Duchenne muscular dystrophy carriers carry on, despite uncertainty
Duchenne muscular dystrophy carriers carry on, despite uncertainty
When Rena Szymanski turned 40, she expected to slow down a bit. She never had been athletic, and it sometimes seemed to her that climbing stairs was harder for her than it was for other people, but she thought her strength was “normal” in general.
Soon after her birthday, though, she noticed increasing weakness. “I didn’t know what was wrong with me,” says Szymanski, who until recently was working at a stressful job an hour away from her home in Stony Point, N.Y. To her knowledge, there is no history of muscle disease in her family.
After first consulting a rheumatologist (inflammatory disease specialist), who didn’t find anything, she traveled to Columbia University Medical Center in New York and underwent a muscle biopsy and DNA testing.
The diagnosis was “manifesting carrier of Duchenne muscular dystrophy,” with a mutation in the gene for the muscle protein dystrophin.
The classic definition of a disease carrier is someone who can pass the disease to others but doesn’t show symptoms. But manifesting carriers are carriers who show (manifest) symptoms of the disease themselves. Some estimates are that as many as one in 10 carriers of DMD or its less severe variant, Becker MD, have signs of the disease themselves. Usually, the signs are relatively mild — but not always.
“Just to take my daughter shopping at a mall is a big, exhausting thing,” says Szymanski, who is considering getting a power chair for long distances. So far she still can walk short distances and drive, but she wonders what the future holds. Unfortunately, no one seems to have any clear answers.
There was something wrong
Like Rena Szymanski, Karen Smith of Madison, Ala., knows of no family history of muscular dystrophy. So when their infant daughter, Chloe, wasn’t meeting the usual motor skills milestones, the former elementary school teacher and her husband, a physicist, were taken by surprise.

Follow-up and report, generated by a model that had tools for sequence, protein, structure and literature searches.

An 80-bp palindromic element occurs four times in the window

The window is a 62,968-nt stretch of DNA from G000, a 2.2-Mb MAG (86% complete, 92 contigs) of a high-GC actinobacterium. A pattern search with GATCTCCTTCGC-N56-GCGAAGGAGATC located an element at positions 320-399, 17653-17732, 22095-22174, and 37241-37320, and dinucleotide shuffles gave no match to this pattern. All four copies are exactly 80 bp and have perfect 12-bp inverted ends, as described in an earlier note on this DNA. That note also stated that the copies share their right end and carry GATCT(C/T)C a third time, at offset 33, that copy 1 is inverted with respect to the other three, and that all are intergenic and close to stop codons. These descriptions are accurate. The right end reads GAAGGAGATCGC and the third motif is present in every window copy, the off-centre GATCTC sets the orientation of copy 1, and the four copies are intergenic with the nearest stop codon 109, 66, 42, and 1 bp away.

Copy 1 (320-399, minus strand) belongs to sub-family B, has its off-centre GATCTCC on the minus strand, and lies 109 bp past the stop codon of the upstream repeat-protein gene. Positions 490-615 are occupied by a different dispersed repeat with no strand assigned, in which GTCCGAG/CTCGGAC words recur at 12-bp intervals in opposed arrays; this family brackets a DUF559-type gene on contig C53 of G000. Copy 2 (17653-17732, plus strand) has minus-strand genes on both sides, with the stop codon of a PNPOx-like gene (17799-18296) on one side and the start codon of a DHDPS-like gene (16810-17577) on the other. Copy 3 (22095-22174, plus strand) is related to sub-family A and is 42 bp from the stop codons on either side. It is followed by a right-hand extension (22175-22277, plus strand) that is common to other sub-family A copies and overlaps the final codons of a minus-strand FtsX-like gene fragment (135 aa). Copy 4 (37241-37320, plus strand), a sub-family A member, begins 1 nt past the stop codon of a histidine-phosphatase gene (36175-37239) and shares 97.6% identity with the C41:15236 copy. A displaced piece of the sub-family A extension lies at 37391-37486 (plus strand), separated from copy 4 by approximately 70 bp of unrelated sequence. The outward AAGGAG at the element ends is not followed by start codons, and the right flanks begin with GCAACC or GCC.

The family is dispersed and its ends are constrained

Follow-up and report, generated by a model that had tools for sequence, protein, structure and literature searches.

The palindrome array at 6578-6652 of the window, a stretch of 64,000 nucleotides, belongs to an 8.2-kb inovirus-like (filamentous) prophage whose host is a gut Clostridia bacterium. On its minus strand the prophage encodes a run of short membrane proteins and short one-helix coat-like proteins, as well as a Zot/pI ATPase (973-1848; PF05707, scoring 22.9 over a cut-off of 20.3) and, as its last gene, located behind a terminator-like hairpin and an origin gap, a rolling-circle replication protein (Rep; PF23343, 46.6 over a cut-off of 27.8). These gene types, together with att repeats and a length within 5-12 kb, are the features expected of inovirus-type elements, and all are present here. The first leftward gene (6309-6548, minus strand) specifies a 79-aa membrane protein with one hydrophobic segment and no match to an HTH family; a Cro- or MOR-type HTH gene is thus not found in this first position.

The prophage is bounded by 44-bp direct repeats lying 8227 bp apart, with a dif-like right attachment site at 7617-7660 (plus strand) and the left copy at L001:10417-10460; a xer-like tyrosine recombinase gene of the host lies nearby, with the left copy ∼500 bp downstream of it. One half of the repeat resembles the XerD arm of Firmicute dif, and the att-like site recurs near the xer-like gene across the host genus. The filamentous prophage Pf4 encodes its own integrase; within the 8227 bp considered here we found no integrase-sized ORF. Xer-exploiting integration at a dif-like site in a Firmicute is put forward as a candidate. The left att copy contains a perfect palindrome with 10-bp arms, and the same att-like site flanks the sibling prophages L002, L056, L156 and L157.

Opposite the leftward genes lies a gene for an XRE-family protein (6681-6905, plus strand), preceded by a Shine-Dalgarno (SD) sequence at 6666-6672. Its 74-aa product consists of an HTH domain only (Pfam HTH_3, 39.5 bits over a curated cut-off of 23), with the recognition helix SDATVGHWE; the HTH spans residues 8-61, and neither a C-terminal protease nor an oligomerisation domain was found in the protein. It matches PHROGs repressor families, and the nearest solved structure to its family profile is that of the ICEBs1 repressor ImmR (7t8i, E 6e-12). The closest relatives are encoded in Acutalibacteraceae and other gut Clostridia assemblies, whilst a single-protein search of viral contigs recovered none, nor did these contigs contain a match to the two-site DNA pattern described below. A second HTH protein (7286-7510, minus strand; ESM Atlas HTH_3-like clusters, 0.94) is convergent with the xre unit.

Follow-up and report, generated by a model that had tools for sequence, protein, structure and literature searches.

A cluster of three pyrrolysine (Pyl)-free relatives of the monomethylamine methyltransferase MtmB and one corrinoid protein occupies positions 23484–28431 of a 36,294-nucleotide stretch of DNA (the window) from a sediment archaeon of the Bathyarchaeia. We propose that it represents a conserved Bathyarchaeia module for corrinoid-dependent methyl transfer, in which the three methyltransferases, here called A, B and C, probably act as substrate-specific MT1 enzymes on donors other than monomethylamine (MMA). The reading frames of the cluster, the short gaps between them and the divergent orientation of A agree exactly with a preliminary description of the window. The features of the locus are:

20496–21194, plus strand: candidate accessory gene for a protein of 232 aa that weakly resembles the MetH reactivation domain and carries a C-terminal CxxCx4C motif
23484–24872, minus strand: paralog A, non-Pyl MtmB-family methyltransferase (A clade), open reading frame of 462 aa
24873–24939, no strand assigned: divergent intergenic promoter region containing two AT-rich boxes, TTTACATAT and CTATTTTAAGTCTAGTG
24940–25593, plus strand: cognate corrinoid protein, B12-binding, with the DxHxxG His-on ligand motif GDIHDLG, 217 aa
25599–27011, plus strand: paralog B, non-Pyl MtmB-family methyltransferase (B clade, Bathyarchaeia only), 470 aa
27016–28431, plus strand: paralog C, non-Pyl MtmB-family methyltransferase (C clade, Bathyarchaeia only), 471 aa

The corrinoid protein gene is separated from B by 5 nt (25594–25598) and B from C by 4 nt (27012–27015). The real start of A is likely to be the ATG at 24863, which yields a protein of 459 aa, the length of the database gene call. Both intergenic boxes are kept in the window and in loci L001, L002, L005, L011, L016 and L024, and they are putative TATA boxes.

Karen’s mother, a nurse, suspected something was wrong, but the family’s pediatrician recommended waiting until Chloe was 6 to 9 months old before getting concerned.
“At her 9-month checkup, they gave us a questionnaire,” Karen recalls, “with questions like, ‘Does the baby crawl? Does she pull herself into a sitting position?’ I couldn’t answer yes to any of them.”
A referral to a cerebral palsy clinic revealed that Chloe was “significantly delayed.”
“I sat in the parking lot and cried,” Karen says. “I felt so overwhelmed. I was thinking, I don’t want to do this.”
In the chair a lot more
The Smiths found their way to Jean Teasley, a neurologist in nearby Huntsville who specializes in neuromuscular disease, and embarked on blood tests, MRI scans and brain-wave studies. These revealed nothing out of the ordinary except elevated serum levels of creatine kinase (CK), an enzyme that leaks out of damaged muscle cells.
More tests, including a muscle biopsy and DNA analysis, followed. Then, at the end of 2001, with Chloe just over a year old, the Smiths had their answer.
“Dr. Teasley called us the week before Christmas and said Chloe had been diagnosed as a manifesting carrier of Duchenne muscular dystrophy,” Karen recalls. Her muscle biopsy sample showed a mosaic pattern of dystrophin staining (meaning some fibers had dystrophin and others didn’t), and a deletion in one of her two dystrophin genes.